Analyzing your Assessment Results
As stated above, analysis of your results will depend on the methodology your course or program has previously decided upon. The majority of programs calculate percentages to determine whether students are learning what they should be learning in their courses or programs (i.e., calculate the percentage of students in a course or program who met a previously specified level of achievement on exam questions, a rubric, etc...and compare this percentage to the percentage of students that were expected to meet this level of achievement). However, some programs, especially ones who use the pre-test/post-test methodology decide to use more powerful statistics, such as t-tests to determine whether significant differences in student learning have occurred by the end of a semester.
Deriving Meaning from Assessment Results
To derive meaning from program or course assessment results faculty have to dig deeper into their results than just the overall percentage of students who have or have not met an expected level of achievement. Examining data for certain types of patterns should help faculty to discover the story behind the data. Common patterns to look for include patterns of consistency, consensus, and distinctiveness. How to look for these patterns is explained in the document below.
Discovering Patterns in Data
If you would like assistance in your data analysis, the Educational Assessment Research Analyst is always available to analyze and interpret your data, as well as to explain the results to you and your department.
Discussing Your Results
Regardless of who analyzes your data, your course and program level SLO results, as well as the entire assessment process should be discussed among faculty at your department meetings to determine further meaning behind the results and what actions to take. At the meetings, faculty should share copies of the assessment instrument (e.g., rubric, exam questions, survey), the assessment plan, and the results with those involved in the discussion. Make a record of your discussion to include in the results and actions taken portions of your assessment plans.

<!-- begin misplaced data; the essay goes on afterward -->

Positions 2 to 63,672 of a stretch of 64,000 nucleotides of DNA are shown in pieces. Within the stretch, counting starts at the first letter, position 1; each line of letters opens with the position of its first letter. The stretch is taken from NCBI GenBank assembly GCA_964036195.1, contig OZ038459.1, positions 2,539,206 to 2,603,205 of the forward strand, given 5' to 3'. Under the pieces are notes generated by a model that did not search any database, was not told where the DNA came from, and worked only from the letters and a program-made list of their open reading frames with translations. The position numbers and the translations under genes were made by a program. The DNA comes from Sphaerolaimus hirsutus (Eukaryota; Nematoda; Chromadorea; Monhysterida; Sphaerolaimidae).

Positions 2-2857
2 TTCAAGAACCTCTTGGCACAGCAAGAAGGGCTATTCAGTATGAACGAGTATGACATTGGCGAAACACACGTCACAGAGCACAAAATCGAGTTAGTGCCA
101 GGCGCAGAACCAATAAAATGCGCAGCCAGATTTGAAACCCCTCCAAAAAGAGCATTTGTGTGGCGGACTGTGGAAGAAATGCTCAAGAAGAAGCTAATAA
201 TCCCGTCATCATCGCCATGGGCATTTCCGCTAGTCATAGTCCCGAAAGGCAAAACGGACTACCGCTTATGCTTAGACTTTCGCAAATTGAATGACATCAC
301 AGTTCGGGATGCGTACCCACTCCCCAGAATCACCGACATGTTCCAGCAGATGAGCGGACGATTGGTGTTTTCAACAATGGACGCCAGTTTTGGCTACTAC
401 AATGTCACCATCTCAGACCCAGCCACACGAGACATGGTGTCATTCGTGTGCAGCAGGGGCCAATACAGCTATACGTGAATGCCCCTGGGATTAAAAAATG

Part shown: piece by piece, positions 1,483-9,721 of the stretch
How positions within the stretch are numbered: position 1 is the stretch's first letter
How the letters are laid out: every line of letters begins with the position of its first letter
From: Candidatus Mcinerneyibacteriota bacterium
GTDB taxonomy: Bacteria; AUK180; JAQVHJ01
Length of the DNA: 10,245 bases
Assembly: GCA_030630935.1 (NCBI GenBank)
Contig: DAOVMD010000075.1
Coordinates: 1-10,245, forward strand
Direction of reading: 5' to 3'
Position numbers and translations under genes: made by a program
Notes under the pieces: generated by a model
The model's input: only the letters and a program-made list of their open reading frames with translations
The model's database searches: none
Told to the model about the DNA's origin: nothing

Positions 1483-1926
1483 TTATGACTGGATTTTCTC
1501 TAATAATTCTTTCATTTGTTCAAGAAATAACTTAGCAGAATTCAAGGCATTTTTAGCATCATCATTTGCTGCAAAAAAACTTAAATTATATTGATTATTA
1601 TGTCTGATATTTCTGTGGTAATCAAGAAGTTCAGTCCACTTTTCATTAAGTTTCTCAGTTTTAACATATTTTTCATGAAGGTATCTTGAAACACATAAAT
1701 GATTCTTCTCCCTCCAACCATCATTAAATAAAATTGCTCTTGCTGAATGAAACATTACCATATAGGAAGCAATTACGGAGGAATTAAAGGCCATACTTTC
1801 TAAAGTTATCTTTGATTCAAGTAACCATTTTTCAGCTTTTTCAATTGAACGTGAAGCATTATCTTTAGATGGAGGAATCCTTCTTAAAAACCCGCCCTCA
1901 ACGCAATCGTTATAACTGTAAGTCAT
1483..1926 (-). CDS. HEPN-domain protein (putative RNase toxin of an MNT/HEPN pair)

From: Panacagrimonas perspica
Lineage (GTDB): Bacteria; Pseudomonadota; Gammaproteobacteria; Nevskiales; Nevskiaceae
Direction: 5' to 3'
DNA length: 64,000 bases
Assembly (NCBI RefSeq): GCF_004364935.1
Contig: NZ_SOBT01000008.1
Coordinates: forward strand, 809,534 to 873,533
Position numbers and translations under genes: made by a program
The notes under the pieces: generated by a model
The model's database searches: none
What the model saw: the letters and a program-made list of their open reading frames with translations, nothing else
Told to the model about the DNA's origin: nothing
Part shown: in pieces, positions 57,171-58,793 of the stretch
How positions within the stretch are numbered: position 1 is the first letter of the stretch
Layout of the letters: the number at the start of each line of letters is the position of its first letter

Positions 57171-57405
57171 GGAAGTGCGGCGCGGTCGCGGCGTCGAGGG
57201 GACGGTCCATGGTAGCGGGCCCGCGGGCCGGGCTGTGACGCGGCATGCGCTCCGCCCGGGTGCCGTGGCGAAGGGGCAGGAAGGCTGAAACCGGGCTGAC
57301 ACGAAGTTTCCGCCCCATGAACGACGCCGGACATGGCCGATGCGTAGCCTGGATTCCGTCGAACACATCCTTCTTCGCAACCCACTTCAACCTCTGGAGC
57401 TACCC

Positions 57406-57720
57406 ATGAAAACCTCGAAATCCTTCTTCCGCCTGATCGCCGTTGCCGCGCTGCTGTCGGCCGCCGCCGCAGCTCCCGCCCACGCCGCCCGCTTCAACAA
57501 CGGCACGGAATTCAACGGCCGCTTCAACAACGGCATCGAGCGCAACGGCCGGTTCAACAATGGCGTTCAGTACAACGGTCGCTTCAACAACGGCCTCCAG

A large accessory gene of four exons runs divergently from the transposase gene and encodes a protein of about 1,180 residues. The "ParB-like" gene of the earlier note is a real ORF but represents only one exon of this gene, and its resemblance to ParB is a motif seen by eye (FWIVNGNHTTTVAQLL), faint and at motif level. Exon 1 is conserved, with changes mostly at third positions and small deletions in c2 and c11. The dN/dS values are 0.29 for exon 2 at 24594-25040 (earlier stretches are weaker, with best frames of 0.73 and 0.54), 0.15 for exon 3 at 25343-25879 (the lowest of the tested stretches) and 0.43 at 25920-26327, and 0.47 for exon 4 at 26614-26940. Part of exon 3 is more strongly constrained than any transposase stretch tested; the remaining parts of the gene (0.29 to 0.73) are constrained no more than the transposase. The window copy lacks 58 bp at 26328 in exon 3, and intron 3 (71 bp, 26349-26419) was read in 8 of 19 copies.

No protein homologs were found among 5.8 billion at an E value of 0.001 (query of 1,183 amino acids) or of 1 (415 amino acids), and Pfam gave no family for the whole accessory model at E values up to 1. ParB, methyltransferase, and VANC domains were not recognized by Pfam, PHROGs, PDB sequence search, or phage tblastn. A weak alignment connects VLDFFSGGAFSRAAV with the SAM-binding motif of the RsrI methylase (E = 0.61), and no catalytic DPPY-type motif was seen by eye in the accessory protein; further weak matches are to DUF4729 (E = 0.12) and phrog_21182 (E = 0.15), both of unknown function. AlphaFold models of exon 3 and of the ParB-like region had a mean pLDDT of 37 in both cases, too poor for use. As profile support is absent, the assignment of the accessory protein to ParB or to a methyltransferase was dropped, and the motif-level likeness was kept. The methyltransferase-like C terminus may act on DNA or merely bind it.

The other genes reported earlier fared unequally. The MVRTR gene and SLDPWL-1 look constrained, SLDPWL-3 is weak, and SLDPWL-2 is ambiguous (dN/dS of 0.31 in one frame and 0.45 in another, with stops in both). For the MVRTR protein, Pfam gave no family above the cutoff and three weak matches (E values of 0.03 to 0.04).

The following documents include questions that can assist you in creating and sustaining a lively and thought-provoking discussion with faculty regarding every aspect of the assessment process for a course or program.
Guiding Questions for Course SLO Results
Guiding Questions for Program SLO Results
Determining Actions to Take
Actions taken are truly at the heart of the assessment process, as they inform the refinement and improvement of instructional courses and programs. Actions taken should be considered a critical component of the assessment loop. Regardless of whether or not the expected level of achievement was met, faculty should be taking action to improve student learning in their classrooms or the assessment process itself. The following PDFs are meant to guide faculty in determining what actions to take following their discussion of the assessment results.
Course SLO Actions Taken Suggestions
Program SLO Actions Taken Suggestions